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Lounge Singer Leads A Colorful Double Life In The Ring

Author: kikaidar from Wichita, KS USA
7 November 2000

One of the first of the lucha libre (Mexican wrestling hero) films, HURACAN RAMIREZ plays essentially as a straight drama with the added gimmick of the lead occasionally -- and I stress 'occasionally' -- appearing in a mask and tights. The character is seen sans mask for roughly 90% of his screen time, and is ultimately unmasked in the ring at the film's conclusion.

This is contrary to the more developed lucha genre that thrived from the late 1950s through the early 1980s, where the heroes never unmasked and generally possessed little to no visible, structured personal life beyond that required to keep the plotline rolling.

Fernando Jackson sings in a night club. His overweight father is a fairly successful local wrestler who is vastly unimpressed with his son's choice of a career. Not that the older man's home life is much better -- for all his rough and tough exterior and macho vocation, Pops is dominated by his younger daughter, a frustratingly precocious 8 year-old.

Even worse, the older wrestler heartily dislikes the mysterious masked luchadore Huracan Ramirez. Ramirez is successful but (for secret personal reasons) refuses to consider a match with the portly wrestler. It develops that Huracan Ramirez is actually Fernando, moonlighting, and he doesn't want to go up against his disapproving father.

The only one who knows the wrestler's dual identity is his annoyingly Jimmy Olsonish sidekick, who doubles as his trainer and his stand-in for any situation in which Fernando and Huracan might have to be seen at the same time.

Things become somewhat confused when the assistant is mistaken for Huracan Ramirez during a match, and he is pressed into competing in the luchadore's place. He wins by default, but is then mistakenly identified as the real Huracan by the older wrestler's two daughters. After this plot thread rambles on for several scenes, he turns around and deliberately tips the older daughter off that her brother is Huracan Ramirez. It's a real mess, folks!

After the father finally forces a match, he's impressed by Huracan's skill and they're set up to wrestle as a tag-team against a paid of rudos (which includes El Medico Asesino, who starred in the first lucha film, ENMASCARADO DEL PLATA).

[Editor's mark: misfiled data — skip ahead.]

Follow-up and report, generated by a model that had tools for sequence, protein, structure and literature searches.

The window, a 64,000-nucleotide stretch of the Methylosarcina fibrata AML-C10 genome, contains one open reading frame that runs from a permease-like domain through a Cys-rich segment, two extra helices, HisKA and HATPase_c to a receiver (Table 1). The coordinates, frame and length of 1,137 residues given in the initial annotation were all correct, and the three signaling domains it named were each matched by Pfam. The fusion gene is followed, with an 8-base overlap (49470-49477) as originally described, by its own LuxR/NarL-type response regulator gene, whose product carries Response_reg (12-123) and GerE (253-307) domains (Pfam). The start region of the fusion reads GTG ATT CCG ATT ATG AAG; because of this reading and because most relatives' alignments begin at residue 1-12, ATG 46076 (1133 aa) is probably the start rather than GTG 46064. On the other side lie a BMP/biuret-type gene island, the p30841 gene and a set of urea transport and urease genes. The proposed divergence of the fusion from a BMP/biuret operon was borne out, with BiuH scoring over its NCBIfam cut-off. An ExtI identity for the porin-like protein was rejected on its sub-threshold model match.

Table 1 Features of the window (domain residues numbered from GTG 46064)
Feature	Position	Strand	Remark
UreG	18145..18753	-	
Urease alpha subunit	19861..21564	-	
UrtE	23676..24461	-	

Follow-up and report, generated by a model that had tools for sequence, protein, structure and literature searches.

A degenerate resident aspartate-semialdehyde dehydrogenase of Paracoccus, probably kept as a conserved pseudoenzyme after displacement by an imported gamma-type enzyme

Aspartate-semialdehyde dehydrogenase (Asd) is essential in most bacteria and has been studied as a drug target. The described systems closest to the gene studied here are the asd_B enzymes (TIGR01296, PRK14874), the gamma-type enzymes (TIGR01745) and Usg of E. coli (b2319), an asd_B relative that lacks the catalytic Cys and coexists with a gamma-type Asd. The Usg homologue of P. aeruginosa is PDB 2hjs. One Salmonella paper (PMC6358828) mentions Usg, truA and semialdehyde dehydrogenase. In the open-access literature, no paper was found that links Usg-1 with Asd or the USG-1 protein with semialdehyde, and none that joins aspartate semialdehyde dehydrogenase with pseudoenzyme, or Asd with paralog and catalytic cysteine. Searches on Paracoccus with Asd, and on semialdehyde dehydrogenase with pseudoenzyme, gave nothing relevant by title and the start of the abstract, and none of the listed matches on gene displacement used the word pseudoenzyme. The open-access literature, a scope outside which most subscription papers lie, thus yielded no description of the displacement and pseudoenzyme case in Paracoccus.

Before the match can take place, criminals kidnap the elder wrestler. Fernando comes to the rescue as Huracan Ramirez, but his leg is injured by a slash with a broken bottle. The wrestlers battle the thugs and escape.

Not drawing the logical conclusion, the father scoffs at Fernando's injury when he arrives home to find him under a doctor's care. He then proceeds to the ring, where a last minute replacement is found to take the place of the missing Huracan.

Huracan Ramirez rallies and arrives late for the match, literally throwing his stand-in out of the ring. However, the rudos are tipped off to his injury by a girl who works at the club and whose tainted affections Fernando has scorned. The leg takes a beating, and Fernando is finally subdues enough for Medico Asesino to unmask him in public. Realizing the truth, the elder wrestler wades in and they win the match in a last minute rush.

Very crude in comparison to the sets and costumes of the later lucha films, which grew even wilder during the 1960s, when they were deliberately pitched to compete with the more expensive and polished action films being imported from other countries.

Particularly distracting is that the initial bout is speeded up. Huracan Ramirez pulls off a chain of good, "flying" moves, but they become a bit jaw dropping when they occur at double normal speed and in rapid succession. The action approaches the smooth chaos of a cartoon at this point.

Equally annoying is the teenaged sidekick, who is clearly girl crazy and completely unable to keep the wrestler's most sacred secret. He's after the older sister and will clearly do anything required to attract her interest.

Viewable as a curiosity, and the "personal" plotine grows on you with repeated viewing, but it's distinctly minor fare.

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